The Melbourne Cinémathèque & ACMI present
Quai des Orfèvres
A worldly detective (the wonderfully gruff and quizzical Louis Jouvet) investigates the murder of a sleazy film financier. Filled with the seedy and teeming atmosphere of the postwar Parisian music hall, Clouzot’s return to filmmaking after four years is a characteristically earthy, forensically detailed and noir-inflected mixture of social realism, dark humour and cynical psychological study. Widely regarded as one of the key postwar crime films, it won best director for Clouzot at the Venice Film Festival. Co-starring the director’s then-lover, Suzy Delair.
Also screening on Wed 30 August
Gangsters, Guns and Gauloises: French crime cinema, 1945–60
Quai des Orfèvres (1947) – Wed 30 Aug, 7pm
Razzia Sur la Chnouf (1955) – Wed 30 Aug, 9.05pm
Classes Tous Risques (1960) – Wed 6 Sep, 7pm
Le Trou (1960) – Wed 6 Sep, 8.55pm
Rififi (1955) – Wed 13 Sep, 7pm
Panique (1946) – Wed 13 Sep, 9.10pm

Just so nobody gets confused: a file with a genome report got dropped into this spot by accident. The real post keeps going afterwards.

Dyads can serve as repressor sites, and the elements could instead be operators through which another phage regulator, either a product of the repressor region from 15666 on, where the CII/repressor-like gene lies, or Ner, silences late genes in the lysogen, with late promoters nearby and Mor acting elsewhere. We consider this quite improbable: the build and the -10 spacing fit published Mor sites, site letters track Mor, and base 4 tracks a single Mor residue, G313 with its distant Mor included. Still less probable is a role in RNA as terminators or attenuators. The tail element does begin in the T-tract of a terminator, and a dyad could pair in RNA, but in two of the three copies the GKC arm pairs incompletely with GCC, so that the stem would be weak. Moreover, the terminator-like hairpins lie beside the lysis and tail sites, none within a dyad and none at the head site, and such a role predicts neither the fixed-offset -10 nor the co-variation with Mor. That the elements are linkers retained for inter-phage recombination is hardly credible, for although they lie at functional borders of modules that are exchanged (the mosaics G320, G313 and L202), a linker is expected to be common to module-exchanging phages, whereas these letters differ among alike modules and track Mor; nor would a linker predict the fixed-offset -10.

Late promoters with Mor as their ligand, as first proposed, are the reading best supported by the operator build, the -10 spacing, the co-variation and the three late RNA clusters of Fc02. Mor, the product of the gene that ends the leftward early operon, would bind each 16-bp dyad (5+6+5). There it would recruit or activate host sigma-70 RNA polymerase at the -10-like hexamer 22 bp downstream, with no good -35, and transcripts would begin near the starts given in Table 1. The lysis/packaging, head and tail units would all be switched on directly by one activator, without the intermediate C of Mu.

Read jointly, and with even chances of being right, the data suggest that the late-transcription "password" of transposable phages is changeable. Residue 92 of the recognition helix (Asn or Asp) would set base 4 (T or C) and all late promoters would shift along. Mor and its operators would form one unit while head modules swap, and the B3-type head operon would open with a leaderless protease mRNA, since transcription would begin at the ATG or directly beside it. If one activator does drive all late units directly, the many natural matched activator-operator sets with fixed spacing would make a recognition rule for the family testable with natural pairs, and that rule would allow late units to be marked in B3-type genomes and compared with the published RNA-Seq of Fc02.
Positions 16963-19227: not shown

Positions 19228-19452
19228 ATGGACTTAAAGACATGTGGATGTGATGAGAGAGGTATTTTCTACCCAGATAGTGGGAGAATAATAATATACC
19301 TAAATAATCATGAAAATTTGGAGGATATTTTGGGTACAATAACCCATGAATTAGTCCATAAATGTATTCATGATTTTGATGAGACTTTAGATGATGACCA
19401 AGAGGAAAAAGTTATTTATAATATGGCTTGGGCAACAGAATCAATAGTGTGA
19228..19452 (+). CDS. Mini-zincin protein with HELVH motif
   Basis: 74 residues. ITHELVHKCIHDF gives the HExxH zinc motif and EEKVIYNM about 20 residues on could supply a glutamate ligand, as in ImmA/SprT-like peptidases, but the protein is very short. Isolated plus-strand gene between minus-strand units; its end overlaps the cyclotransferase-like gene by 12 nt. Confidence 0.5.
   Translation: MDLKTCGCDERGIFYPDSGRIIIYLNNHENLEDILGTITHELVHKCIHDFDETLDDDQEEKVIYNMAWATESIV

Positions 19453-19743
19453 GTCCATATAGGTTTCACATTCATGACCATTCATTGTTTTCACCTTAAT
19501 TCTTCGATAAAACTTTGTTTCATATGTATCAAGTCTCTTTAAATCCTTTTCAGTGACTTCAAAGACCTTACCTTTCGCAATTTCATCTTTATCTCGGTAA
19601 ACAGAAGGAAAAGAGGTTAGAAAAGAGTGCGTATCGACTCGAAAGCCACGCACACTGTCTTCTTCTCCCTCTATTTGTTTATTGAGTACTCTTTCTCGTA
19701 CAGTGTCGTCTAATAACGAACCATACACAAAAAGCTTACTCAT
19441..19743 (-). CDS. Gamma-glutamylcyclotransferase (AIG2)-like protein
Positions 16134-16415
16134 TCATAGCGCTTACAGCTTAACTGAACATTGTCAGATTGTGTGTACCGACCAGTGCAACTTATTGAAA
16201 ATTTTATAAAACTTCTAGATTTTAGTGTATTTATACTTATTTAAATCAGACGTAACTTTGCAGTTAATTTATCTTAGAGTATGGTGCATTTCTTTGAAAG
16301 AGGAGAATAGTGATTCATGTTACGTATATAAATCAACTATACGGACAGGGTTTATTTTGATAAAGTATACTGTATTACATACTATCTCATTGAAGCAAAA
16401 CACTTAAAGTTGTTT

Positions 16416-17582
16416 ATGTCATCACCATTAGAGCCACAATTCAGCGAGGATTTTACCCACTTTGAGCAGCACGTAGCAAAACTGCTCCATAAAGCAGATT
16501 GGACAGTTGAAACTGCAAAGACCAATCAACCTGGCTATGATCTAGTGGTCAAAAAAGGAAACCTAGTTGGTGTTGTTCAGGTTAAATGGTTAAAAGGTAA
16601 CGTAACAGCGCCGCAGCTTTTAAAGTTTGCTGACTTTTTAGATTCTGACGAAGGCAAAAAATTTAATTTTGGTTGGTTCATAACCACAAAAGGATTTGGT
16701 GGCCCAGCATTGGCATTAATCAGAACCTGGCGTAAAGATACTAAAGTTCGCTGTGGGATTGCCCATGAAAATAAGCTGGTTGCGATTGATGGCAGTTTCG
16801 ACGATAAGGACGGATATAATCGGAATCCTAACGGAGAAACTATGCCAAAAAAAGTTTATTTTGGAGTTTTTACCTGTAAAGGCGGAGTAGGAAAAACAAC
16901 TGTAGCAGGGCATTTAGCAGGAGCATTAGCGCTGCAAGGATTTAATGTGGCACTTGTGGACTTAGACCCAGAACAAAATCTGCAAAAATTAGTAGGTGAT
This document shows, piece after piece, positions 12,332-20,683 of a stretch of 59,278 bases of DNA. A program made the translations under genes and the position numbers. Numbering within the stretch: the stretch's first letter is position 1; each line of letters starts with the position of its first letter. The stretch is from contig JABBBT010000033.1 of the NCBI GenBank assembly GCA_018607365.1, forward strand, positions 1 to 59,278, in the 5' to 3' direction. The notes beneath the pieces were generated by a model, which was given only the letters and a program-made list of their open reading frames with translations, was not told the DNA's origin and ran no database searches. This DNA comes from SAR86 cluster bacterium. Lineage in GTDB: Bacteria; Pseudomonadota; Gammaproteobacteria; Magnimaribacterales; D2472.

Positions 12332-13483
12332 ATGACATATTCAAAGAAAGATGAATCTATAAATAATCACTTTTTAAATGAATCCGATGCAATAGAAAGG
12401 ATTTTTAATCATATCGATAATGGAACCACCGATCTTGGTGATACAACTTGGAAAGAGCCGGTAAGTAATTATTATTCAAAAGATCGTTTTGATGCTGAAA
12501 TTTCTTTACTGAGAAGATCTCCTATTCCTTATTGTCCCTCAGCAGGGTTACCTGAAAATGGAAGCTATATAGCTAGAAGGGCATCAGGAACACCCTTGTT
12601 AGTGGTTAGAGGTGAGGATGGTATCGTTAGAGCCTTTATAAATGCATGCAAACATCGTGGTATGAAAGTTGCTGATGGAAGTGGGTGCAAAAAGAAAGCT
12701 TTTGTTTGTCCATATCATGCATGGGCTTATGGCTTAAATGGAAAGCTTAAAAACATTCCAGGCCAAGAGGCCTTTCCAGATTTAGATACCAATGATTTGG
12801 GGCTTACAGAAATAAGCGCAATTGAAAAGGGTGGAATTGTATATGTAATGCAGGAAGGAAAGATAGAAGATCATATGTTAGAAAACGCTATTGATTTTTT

About the program
Although film noir is primarily associated with American cinema of the 1940s and 1950s, France played a key role in its development, both in its appreciation (the term was coined by French critic Nino Frank in 1946) and continuation of the genre. It is perhaps fitting that Rififi (1955), considered by many to be the ultimate French noir, was directed by Jules Dassin, an American exiled in Paris. This season provides an important link between pre-war French examples of the genre such as Julien Duvivier’s Pépé le Moko (1937) and its apotheosis in Jean-Pierre Melville’s 1960s gangster films...
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About Melbourne Cinémathèque
Australia's longest-running film society, Melbourne Cinémathèque screens significant works of international cinema in the medium they were created, the way they would have originally screened.
Melbourne Cinémathèque is self-administered, volunteer-run, not-for-profit and membership-driven.